SITE #3:
Location: This fertilizer nutrient experiment on coffea arabica (v. catimor) response to P sources was conducted in Son La Province, Vietnam. Soil type: Ferralitic soils derived from gneiss. Soil characteristics (analyses of topsoil samples collected before the start of the experiment): pH: Acidic (pHKCl = 4.0); Soil organic matter (SOM): 3.6% organic matter; Soil N: Total N = 0.21%; Soil P: Total P = 0.16%; available P = 15 mg kg-1; Soil K: Total K = 0.34%; available K = 119 mg kg-1; Cation exchange capacity (CEC): Exchangeable Ca = 6.53 cmol kg-1; exchangeable K = 5.95 cmol kg-1). Temperature: Average air temperature 839 C. Rainfall: Average annual rainfall 14001600 mm.

Materials and Methods


Coffea arabica was planted at a density of 5000 plants ha-1. Planting began in 1995. Fertilizer P nutrients were applied as DAP, FMP, and SSP. Omission plots were used to measure the effect of P sources at the rate of 150 kg P2O5, with an application of farmyard manure (25 t FYM ha-1 yr-1), on the yield of coffea arabica.

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Results
The effects of applying DAP, FMP, and SSP fertilizers for P nutrients, with FYM, on coffea arabica productivity in 1999 are presented in Figures E5-4 and E5-5. Yields: The largest yields and smallest rates of dropped fruits were observed in the DAP treatments. Economic returns: Net returns were also the largest for DAP treatments.

Discussion
Effect of different fertilizer P sources on yields of coffea robusta grown on ferralitic soils derived from basalt: FMP: The extra supply of Mg in FMP treatments, compared with DAP and SSP, may have contributed to improved crop performance. Leaf Ca and leaf Mg are also higher due to the Ca and Mg content in FMP. DAP: Soil tests reveal that DAP releases plant-available P much more rapidly (peaking at 30 days) and at larger amounts compared with FMP or SSP. Effect of different fertilizer P sources on yields of coffea arabica on ferralitic soils derived from gneiss: Yields were largest in DAP treatments, at ~10% larger than FMP and SSP treatments in the first two years (150 kg P2O5 ha-1 yr-1). DAP treatments also had the smallest rates of dropped fruits, as well as the largest net returns. When NPK rates were reduced (to 50 kg P2O5 kg ha-1 yr-1) after two years, the largest yields and smallest rates of dropped fruit were found in FMP treatments. This may be attributed to the comparatively stronger residual effect of P from FMP (probably due to slower release of P), combined with the beneficial effects of Ca and Mg that were supplied in FMP applied to the coffee soil-crop system. The supply of Ca, Mg, and S together with P in FMP and/or SSP generally is expected to improve growing conditions in acid upland soils but also may disturb the cation balance (Ca:Mg:K) in poorly buffered soils. The extra supply of these nutrients in FMP and/or SSP may give rise to a one-sided Ca and/or Mg saturation. If this occurs, a larger application rate of fertilizer K may then be required, in order to increase the soil K content in equilibrium to Ca and Mg and thus ensure sufficient K uptake by crops.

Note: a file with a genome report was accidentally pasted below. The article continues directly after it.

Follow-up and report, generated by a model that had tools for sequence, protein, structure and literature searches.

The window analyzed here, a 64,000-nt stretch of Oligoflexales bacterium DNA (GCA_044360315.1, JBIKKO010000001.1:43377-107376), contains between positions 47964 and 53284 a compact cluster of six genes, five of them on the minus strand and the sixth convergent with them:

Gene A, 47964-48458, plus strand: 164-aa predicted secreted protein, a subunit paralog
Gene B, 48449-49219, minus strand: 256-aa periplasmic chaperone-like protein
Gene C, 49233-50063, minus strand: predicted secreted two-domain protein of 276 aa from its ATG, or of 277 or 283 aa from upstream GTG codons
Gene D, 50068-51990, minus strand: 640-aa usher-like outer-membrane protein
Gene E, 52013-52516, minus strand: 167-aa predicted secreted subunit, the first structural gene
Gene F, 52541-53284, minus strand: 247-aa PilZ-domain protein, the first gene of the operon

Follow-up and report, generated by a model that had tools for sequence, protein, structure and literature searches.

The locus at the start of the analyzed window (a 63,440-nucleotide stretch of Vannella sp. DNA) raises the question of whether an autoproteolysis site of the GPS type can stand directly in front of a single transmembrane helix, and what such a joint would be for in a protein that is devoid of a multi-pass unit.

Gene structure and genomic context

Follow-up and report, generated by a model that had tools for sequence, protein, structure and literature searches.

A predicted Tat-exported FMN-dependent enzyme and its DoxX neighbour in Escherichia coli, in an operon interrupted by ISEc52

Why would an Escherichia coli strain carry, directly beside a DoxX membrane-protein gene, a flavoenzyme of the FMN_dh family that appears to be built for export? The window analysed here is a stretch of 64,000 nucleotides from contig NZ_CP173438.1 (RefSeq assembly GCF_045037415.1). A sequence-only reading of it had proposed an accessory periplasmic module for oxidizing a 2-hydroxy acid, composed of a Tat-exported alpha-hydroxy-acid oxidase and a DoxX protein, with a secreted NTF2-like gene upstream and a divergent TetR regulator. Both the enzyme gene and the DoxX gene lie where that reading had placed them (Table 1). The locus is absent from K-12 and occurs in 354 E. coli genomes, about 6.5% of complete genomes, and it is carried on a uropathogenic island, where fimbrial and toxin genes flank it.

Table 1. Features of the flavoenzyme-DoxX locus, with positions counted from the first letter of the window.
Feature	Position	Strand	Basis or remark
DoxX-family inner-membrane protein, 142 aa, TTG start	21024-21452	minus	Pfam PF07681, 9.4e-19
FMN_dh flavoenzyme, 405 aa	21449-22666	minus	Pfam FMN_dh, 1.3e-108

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Summary and conclusions